By several measures, the rally that’s driven Israeli stocks to all-time highs is no reason to sell.
The 12-month price-to-estimated earnings on equities in Tel Aviv was at least 12 percent lower than in the U.S. and Europe. A key indicator based on the volatility on the benchmark TA-25 Index is sending a bullish signal, and trends in the gauge’s moving averages signal prices may extend gains in the best start to a year since 2009.
Israeli stocks surged about 60 percent since the central bank started lowering interest rates in September 2011, cutting borrowing costs for companies and consumers in the $280 billion economy. Goldman Sachs Group Inc. predicts policy makers will reduce rates to zero in the coming months, helping to fuel the stock rally.
“It looks like the only thing that will stop the rise in prices is an interest-rate hike, which isn’t very close,” Amir Gil, chief investment officer at Tel Aviv-based Psagot Provident Funds & Pension, who manages 67 billion shekels ($17.3 billion) and has increased his holdings in bank and gas shares, said by phone on Tuesday.
The TA-25 is priced at about 14 times its one-year projected earnings, near the highest since 2008, compared with 17 times for the Standard & Poor’s 500 Index and 16 times for the MSCI Europe Index. The gauge last broke the Upper Bollinger Band on May 21, which may mean the continuation of the bullish trend. Bollinger bands are designed to alert investors when a security rises too high or falls too low by comparing its price to the past average level.
The Tel Aviv Banking Index climbed 13 percent this year to 1,412.79 on May 21, the highest in more than four years. Bank Leumi Le-Israel Ltd., the nation’s second-largest lender by assets, was the biggest gainer in the period, with a 16 percent increase.
The central bank, led by Governor Karnit Flug, last cut the benchmark interest rate in February to prevent the shekel’s gains from curbing exports, which account for about a third of gross domestic product, and bring annual inflation back within the regulator’s target range of 1 percent to 3 percent. The nation’s economy expanded 2.8 percent in 2014, the slowest pace in five years.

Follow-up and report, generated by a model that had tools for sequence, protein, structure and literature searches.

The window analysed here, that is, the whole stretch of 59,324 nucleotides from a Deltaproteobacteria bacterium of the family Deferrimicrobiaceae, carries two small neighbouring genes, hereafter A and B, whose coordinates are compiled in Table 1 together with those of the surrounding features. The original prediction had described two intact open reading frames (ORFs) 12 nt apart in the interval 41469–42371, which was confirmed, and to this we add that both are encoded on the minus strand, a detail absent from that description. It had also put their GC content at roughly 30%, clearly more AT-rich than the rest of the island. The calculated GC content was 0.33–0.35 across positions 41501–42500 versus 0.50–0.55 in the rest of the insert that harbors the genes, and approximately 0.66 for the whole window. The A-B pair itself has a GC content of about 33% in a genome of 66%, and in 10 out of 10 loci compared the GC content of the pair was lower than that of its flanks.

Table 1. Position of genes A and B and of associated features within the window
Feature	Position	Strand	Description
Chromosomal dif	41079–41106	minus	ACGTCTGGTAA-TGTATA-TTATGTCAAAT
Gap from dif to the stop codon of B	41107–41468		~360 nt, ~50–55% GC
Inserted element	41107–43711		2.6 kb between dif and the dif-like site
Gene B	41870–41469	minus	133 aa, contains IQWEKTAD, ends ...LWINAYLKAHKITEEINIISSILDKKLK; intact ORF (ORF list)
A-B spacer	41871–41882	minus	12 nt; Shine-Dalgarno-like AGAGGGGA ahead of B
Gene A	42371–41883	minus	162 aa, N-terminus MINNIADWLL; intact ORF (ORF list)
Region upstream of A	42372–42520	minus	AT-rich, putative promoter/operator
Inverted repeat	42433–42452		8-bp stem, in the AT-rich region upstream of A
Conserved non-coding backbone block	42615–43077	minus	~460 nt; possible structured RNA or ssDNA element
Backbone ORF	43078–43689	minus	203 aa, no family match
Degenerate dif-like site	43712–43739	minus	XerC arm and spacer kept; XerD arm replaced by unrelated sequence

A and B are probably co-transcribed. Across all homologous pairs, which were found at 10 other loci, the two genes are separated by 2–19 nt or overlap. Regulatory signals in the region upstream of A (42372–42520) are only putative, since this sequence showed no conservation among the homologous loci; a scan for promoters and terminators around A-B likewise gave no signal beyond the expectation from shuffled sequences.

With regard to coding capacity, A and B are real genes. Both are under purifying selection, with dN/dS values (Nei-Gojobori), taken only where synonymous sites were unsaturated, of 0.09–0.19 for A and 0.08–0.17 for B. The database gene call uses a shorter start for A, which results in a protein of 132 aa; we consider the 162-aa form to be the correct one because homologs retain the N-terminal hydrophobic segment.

Kasper Lund-Jensen, a London-based analyst at Goldman Sachs, predicted in a May 25 note that the Bank of Israel will lower the interest rate to zero to weaken the currency and spur inflation.
Even with the rate cuts, the shekel has strengthened 0.6 percent this year to 3.8753 against the U.S. dollar at 11:52 a.m. in Tel Aviv on Monday. The yield on government debt due 2024 tumbled 94 basis points to a record 1.37 percent on April 26. It was at 1.74 percent
For Gilad Alper, a senior analyst at Excellence Nessuah Brokerage in Petach Tikvah, Israel, the stock-market rally is more a function of near-zero interest rates than the performance of companies.
“Overall, equities are a fantastic alternative but there’s nothing particularly positive when stocks rise for technical reasons and not for fundamental economic reasons,” Alper said by phone on Tuesday. “They tend to come crashing down at some stage.”
The TA-25 declined 2.3 percent last week, the most since the five days ending April 30. Still, the gauge has been trading above its 50-day moving average since Feb. 16, signaling the bullish trend remains. None of the TA-25 Index members has had new 52-week lows in more than two months, the longest streak since August, Bloomberg data show. The gauge rose 0.4 percent on Monday.
“Israeli stocks are the preferable option, even if they aren’t terribly cheap,” Gil said.